Dir: David Fincher
Star: Edward Norton, Brad Pitt, Helena Bonham-Carter, Meatloaf
I’m not going to both synopsising this, since it’s one which should be well-known to everyone here. Personally though, it has been a good 15 years since I last saw this, and a lot of water has gone under everyone’s bridges since. I’d been wanting to re-watch it for some time, but was suddenly inspired to do so by a discussion with our son about how the term “snowflake” had become a pejorative. To me, that dated largely from its use by Tyler Durden (Pitt), berating his paramilitary recruits through a megaphone: “Listen up, maggots! You are not special. You are not a beautiful or unique snowflake. You’re the same decaying organic matter as everything else.”
It seems that the cynical, almost nihilistic attitude which permeates this has now become the default setting for a large swathe of society. Indeed, Chris wondered whether this was some kind of recruitment film for the alt-right, a reasonable question given the black shirts, buzz cuts and rabid sloganeering. The film is curiously ambivalent about all that. There’s no doubt that Durden and the nameless narrator (Norton) say many things which make a great deal of sense, about people’s willingness to mistake material possessions for fulfillment and vulnerability to advertising. It’s summed up in catchy – almost jingle-like – phrases such as “The things you own end up owning you,” which are hard to argue with.
But on the other hand, the narrator is clearly barking mad. The Durden character is nothing but a projection of the protagonist’s own psyche, being all the “cool” things which the narrator wants to be. There’s an interesting theory that the main female character, Marla (Bonham-Carter) may be entirely illusory too, representing another aspect of the narrator’s personality. Indeed, you could make a case that just about anything in the film is the product of a deranged imagination – even the bits that appear to make logical sense. It’s a strange place to put the viewer. Is the film condoning its fascism as a sensible reaction to modern times, or condemning it? Why can’t you pick a reality/viewpoint and stick with it, Mr. Fincher?
That’s where the movie’s nihilism really kicks in. If it depicts the shallow consumerist hell in which the majority of people reside (not necessarily unhappily, it must be said), the alternative is not exactly painted in glowing terms either. Self-loathing, leading to a descent into madness and suicide? Where do we sign up? Fight Club is a film apparently only interested in pointing out flaws, in both society and the characters it portrays. There’s hardly anyone here who could even remotely be described as “likeable”, by the time the final credits roll, over the appropriate Pixies’ song, Where is My Mind?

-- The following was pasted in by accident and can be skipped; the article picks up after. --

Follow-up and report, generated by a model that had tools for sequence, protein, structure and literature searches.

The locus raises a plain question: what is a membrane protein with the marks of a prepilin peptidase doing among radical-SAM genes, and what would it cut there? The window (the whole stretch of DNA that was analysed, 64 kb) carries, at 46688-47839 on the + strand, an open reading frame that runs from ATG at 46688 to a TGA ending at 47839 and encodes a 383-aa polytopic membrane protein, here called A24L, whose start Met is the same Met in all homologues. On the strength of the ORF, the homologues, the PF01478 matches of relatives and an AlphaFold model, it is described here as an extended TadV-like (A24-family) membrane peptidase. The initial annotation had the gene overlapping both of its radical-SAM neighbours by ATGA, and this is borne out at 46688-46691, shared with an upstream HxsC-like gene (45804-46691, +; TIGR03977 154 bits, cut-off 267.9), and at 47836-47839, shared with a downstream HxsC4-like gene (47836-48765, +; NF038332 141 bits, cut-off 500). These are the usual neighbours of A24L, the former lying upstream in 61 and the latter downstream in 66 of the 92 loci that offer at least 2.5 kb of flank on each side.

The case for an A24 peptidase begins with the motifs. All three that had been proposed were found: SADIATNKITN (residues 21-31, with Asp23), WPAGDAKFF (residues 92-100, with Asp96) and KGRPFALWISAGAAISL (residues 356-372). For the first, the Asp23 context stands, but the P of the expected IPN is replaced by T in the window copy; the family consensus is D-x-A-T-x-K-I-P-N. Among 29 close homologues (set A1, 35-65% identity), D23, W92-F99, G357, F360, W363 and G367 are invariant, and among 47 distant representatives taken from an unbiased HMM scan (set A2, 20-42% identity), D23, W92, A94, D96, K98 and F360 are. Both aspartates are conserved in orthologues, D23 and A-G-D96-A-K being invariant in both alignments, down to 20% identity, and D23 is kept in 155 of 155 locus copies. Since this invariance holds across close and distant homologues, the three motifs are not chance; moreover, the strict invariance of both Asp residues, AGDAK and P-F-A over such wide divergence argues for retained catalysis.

Still, the performances pull the audience along on the trip, and this perhaps marks the start of Pitt’s best period as an actor. I note, perhaps pointedly, the presence of a movie marquee here for Seven Years in Tibet… And maybe Tyler Durden went on to use the boxing skills acquired here in his identity as a pikey bare-knuckle boxer? Have that as a fan theory. While Fight Club likely hasn’t stood the test of time quite as well as its reputation might have suggested, this is still capable of pushing some necessary buttons. It’s no less incendiary now, than at the time of its release, a couple of months after the Columbine massacre took young rage to the next level.
[Original review] Fincher’s output continues to impress, a steady curve up from the dismal Alien 3 to this, a crunchy and chewy little number that makes no pretence at having all the answers – or indeed, any answers at all – but asks some interesting questions about the pressure of modern life, and how we cope with it. For heroes Pitt and Norton, the answer is cathartic violence on each other, which leads to a more general attempt at rebellion. At first, it seems to be a comment on how even revolution can become prepackaged for the masses; then it flips off into a totally different direction, which is something of a pity, despite the new route offering plenty of food for thought.
Both Norton and Pitt are superb, the latter a major surprise; however, one imagines that despite much talk, the Academy Awards committee probably have their heads stuck too far up Tom Hanks’ arse to reward it. On the other hand, Bonham-Carter is an irrelevance, and is rapidly becoming the Traci Lords of mainstream cinema: forever trying to break past her stereotype, yet merely proving that she’s much better sticking with it. Intense, subversive, with an aura of potential lethality (which other film offers a recipe for napalm?), yet no threat to society (the recipe doesn’t work) – perhaps the most perplexing question is, how the hell did such a non-PC project escape from post-Columbine Hollywood? But I’m very glad it did. B+